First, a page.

Doomsday Scenario Draws Nearer for Social Security

Published Apr 29, 2012. By David Nicklaus. In St. Louis Post-Dispatch.

If you're in your mid-40s, you should expect an unpleasant retirement surprise from Uncle Sam.

The Social Security trust fund is scheduled to run out of money in 2033, about when today's 40-something workers hit retirement age. When that day arrives, all Social Security checks would have to be reduced by about 25 percent.

For most retirees, that's a doomsday scenario. A 25 percent cut would leave them unable to pay their everyday bills.

Unfortunately, doomsday keeps drawing closer. As recently as 2005, the Social Security trustees thought insolvency was 47 years in the future. Their latest report, issued last week, moved it up 3 years, and it's now just 22 years away.

The recession, which caused a drop in payroll tax revenue and forced some people to retire earlier than they had planned, played a major role in eroding the system's finances. In the past year, the trustees said, workers' hours – and thus the taxes they paid – didn't grow as fast as had been projected.

If the job market remains weak for a couple more years – which wouldn't surprise a lot of economists – we'll keep moving closer to Social Security's moment of crisis.

Congress, however, doesn't seem to feel the urgency. As has been said often, some relatively small tweaks now could make it solvent for 75 years or more. Plenty of reasonable fixes have been proposed, but all of them can be labeled as a combination of tax increases and benefit cuts.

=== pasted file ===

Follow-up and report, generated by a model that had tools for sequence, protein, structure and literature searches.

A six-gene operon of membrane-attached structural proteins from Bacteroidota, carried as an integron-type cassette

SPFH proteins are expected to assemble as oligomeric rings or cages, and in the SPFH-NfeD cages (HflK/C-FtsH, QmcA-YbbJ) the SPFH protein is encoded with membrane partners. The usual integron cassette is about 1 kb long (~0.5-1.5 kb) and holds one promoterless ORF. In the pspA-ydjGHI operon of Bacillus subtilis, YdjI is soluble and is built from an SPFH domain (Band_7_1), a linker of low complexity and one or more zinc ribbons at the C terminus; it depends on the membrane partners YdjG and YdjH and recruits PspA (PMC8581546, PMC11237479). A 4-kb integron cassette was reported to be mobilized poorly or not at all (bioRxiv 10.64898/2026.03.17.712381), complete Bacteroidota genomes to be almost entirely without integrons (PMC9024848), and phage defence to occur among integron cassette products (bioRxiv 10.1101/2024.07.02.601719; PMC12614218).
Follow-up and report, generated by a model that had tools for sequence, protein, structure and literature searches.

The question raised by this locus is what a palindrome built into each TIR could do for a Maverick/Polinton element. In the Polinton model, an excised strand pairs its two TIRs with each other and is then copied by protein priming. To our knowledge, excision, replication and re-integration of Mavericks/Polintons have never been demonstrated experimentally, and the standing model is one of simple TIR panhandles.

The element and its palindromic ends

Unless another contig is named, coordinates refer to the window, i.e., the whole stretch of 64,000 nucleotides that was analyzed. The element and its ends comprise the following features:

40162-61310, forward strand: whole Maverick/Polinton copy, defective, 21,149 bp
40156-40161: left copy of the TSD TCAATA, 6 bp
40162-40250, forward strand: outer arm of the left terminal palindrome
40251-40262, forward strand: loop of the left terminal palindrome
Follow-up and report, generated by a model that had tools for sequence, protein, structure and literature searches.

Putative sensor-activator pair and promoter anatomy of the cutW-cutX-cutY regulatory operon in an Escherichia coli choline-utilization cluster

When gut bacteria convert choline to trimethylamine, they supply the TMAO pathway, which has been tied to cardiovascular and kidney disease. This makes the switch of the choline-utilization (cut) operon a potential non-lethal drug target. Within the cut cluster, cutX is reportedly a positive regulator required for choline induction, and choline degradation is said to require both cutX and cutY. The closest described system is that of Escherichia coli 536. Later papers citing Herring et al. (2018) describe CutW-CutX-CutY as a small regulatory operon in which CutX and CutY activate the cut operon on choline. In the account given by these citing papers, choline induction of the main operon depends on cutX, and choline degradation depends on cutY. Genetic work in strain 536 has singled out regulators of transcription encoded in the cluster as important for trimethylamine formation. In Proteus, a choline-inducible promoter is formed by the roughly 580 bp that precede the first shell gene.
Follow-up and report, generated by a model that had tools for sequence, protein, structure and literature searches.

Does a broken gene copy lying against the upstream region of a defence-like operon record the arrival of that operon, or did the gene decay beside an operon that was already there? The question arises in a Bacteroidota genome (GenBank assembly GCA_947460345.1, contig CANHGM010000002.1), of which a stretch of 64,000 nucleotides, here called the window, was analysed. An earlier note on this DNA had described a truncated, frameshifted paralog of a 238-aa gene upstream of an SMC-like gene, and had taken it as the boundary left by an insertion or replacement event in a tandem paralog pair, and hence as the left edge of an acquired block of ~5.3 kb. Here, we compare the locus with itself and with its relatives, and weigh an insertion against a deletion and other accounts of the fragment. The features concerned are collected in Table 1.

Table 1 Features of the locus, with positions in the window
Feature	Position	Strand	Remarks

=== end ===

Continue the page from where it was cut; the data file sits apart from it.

Republicans balk at tax increases, and Democrats refuse to accept benefit cuts, so nothing gets done.

The Simpson-Bowles deficit cutting plan of 2010, for instance, proposed gradually raising the full retirement age from 67 to 69 and the early retirement age from 62 to 64. It also would have increased the amount of income that is subject to payroll taxes, and made future inflation adjustments less generous.

It also would have made Social Security more progressive, making steeper cuts for wealthier retirees while protecting the poor. Simpson-Bowles was a sensible package, but it was pronounced dead on arrival. Congress would rather risk long-term calamity than make some politically unpopular choices.

The trustees' report contains some good arguments for acting soon. For one thing, the disability portion of the trust fund is headed for exhaustion in 2016. Congress can address that insolvency by moving money from the old-age fund, but it may as well look for a comprehensive solution instead of a Band-Aid.

The report also makes clear that the necessary combination of benefit cuts and tax increases will be about 50 percent larger if we wait 20 years to address the problem.

How do we convince Congress to make those relatively small tweaks now? Josh Gordon, policy director at the bipartisan Concord Coalition, thinks the debate should focus on Social Security's negative cash flow instead of on a faraway insolvency date.

Social Security added $45 billion to the deficit last year, and that amount will rise sharply by the end of this decade as Baby Boomers retire. “It really is a federal budget urgency,” Gordon said. “If we wait 20 or 30 years to make changes, there will be too much debt growth.”

Perhaps we need a law that would divert all congressional salaries and benefits into the Social Security trust fund when it becomes insolvent. It wouldn't be enough to solve the problem, but might be enough to spur action.